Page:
Home > Reviews > JOURNEY TO THE CENTER OF THE EARTH – Andrew Lockington

JOURNEY TO THE CENTER OF THE EARTH – Andrew Lockington

Original Review by Jonathan Broxton

The last time a major movie was made of Jules Verne’s Journey to the Center of the Earth was 1959, and the composer was Bernard Herrmann. It’s a big pair of shoes for composer Andrew Lockington to step into, but step into them he has, and although his score for the 2008 version certainly does not emulate or surpass Herrmann’s excellent work, the young Canadian has nevertheless created a fun, exciting, enjoyably old-fashioned score which stands as an unexpected highlight in what has otherwise been a largely lackluster summer.

2008’s Journey is the directorial debut of special effects whiz Eric Brevig, whose previous films include Total Recall, Hook, Men in Black and Pearl Harbor. Brendan Fraser, taking a break from battling mummies, stars as adventurer/professor Trevor Anderson who, in the company of his nephew Sean (Josh Hutcherson) and mountain guide Hannah (Anita Briem), travels to a fantastical world located at the center of the earth in an attempt to find his missing brother. The film’s gimmick is that it is filmed in 3D – the latest to resurrect the long-dormant 80s technology. Basically, it’s an excuse for the filmmakers to play around and impress audiences with flashy special effects and innovative production design, and on that basis the film works well; one review of it describes the film as “big, dumb, summer fun”, which I have no doubt is pretty accurate.

Andrew Lockington began his career working as an orchestrator for his fellow Canuck, Mychael Danna, before branching out on his own. He impressed greatly with his 2007 horror score Skinwalkers (which was released on the Moviescore Media label), and also wrote music for the popular step dance movie How She Move prior to taking on this assignment. Journey to the Center of the Earth is certainly his most high profile score to date and, if his work here is anything to go by, I foresee a bright future in Hollywood.

The score is anchored by the bold, positive-sounding “Journey Theme”, a prototypical adventure piece with brassy fanfares and cooing choirs; not the most original thing you’ve ever heard, but certainly what one would expect from a light-hearted escapade such as this. The theme appears with pleasing regularity, underpinning Professor Anderson’s exploits with a refreshingly un-cynical air, and even managed to crop up in some unexpected places; it visits in a faux-amusing scherzo “Max’s Things”, is used as a darkly-hued base for “The Generator”, and, of course, has a sense of ooh-aah awe and wonder in the title track, “The Center of the Earth”.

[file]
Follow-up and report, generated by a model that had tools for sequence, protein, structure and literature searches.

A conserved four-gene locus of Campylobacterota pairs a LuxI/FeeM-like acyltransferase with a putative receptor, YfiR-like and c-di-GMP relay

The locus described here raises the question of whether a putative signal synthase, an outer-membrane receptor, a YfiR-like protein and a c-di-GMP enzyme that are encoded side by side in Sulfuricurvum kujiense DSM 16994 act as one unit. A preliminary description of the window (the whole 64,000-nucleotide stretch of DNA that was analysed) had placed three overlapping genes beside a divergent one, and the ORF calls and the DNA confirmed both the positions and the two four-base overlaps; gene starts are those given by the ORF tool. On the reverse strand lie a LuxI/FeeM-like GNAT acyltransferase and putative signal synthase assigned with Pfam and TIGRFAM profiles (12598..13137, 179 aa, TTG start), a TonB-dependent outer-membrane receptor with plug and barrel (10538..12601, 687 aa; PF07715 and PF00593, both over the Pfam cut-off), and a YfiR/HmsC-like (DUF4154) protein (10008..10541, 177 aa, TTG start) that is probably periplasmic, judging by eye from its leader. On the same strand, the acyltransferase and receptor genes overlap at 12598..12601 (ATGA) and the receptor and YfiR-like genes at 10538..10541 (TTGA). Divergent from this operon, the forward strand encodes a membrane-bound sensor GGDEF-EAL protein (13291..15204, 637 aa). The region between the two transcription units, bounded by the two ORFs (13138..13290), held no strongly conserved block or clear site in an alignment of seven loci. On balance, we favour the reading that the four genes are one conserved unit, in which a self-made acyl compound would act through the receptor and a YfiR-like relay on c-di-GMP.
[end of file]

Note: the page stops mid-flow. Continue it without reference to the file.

The action music is big and brave, sort of John Williams-ish, sort of John Debney-ish, and with energy to spare. Cues such as “Mine Car Adventure”, the outstanding “Building the Raft”, the thunderous “Storm” and the rampaging “Dinosaur!” are tremendously energetic and entertaining, all flashy brass fanfares, crackerjack string runs, and heroic choral work. “Rope Descent” and “Water Drop” are slightly darker and more tense, making use of slightly more sinister-sounding writing, especially in the string section, and well-integrated electronics, while the occasional blasts of dissonance add a little welcome depth to the counteract the otherwise relentless optimism. Elsewhere, the expansive, noble “Climbing Sneffels” reminds me of some of Jerry Goldsmith’s ‘spectacle of nature’ music, which is a good thing indeed, while the truly gorgeous “Goodbye Max” highlights Lockington’s talent for warm, emotional orchestral writing.

Lockington hasn’t yet been able to develop a personal style, or adopt any trademarks, so this is a voyage of discovery into his musical personality. I can see how some would dismiss his efforts here as being somewhat generic – big orchestral themes seem to attract this criticism regularly – but it’s all done with such unselfconsciousness that it’s hard to dislike it. With this score, and Skinwalkers, and his work with Mychael Danna, Andrew Lockington is certainly a name to watch in future.

The score is available as digital download from New Line Records in the United States, or as an actual physical CD from Silva Screen in Europe. Whichever media you choose, I heartily recommend you pick up a copy – it’s a fun ride!

Rating: ***½

Track Listing:

  • Journey Theme (1:16)
  • Morning Routine (1:13)
  • Max’s Things (1:55)
  • Iceland (2:28)
  • Hannah and the Institute (1:11)
  • Climbing Sneffels (1:30)
  • Trapped (2:56)
  • Rope Descent (2:10)
  • The Generator (2:26)
  • Mine Car Adventure (2:37)
  • Diamonds and Muscovite (1:53)
  • Water Drop (3:10)
  • The Center of the Earth (4:44)
  • Mushroom House and Artifacts (3:52)
  • Goodbye Max (2:44)
  • Building the Raft (3:45)
  • Storm (3:24)
  • The Search for Sean (4:00)
  • Magnetic Rocks (3:45)
  • Meet at the River (3:12)
  • Dinosaur! (3:19)
  • Skull Rescue (2:00)
  • Volcano (4:00)
  • The Return (4:00)

Running Time: 67 minutes 30 seconds

Silva Screen SILCD-1269 (2008)

Music composed by Andrew Lockington. Conducted and orchestrated by Nicholas Dodd. Recorded and mixed by Andrew Dudman. Edited by Stephen Lotwis Album produced by Andrew Lockington.

About these ads
  1. No comments yet.
  1. No trackbacks yet.

Leave a Reply

Fill in your details below or click an icon to log in:

WordPress.com Logo

You are commenting using your WordPress.com account. Log Out / Change )

Twitter picture

You are commenting using your Twitter account. Log Out / Change )

Facebook photo

You are commenting using your Facebook account. Log Out / Change )

Google+ photo

You are commenting using your Google+ account. Log Out / Change )

Connecting to %s

Follow

Get every new post delivered to your Inbox.

Join 506 other followers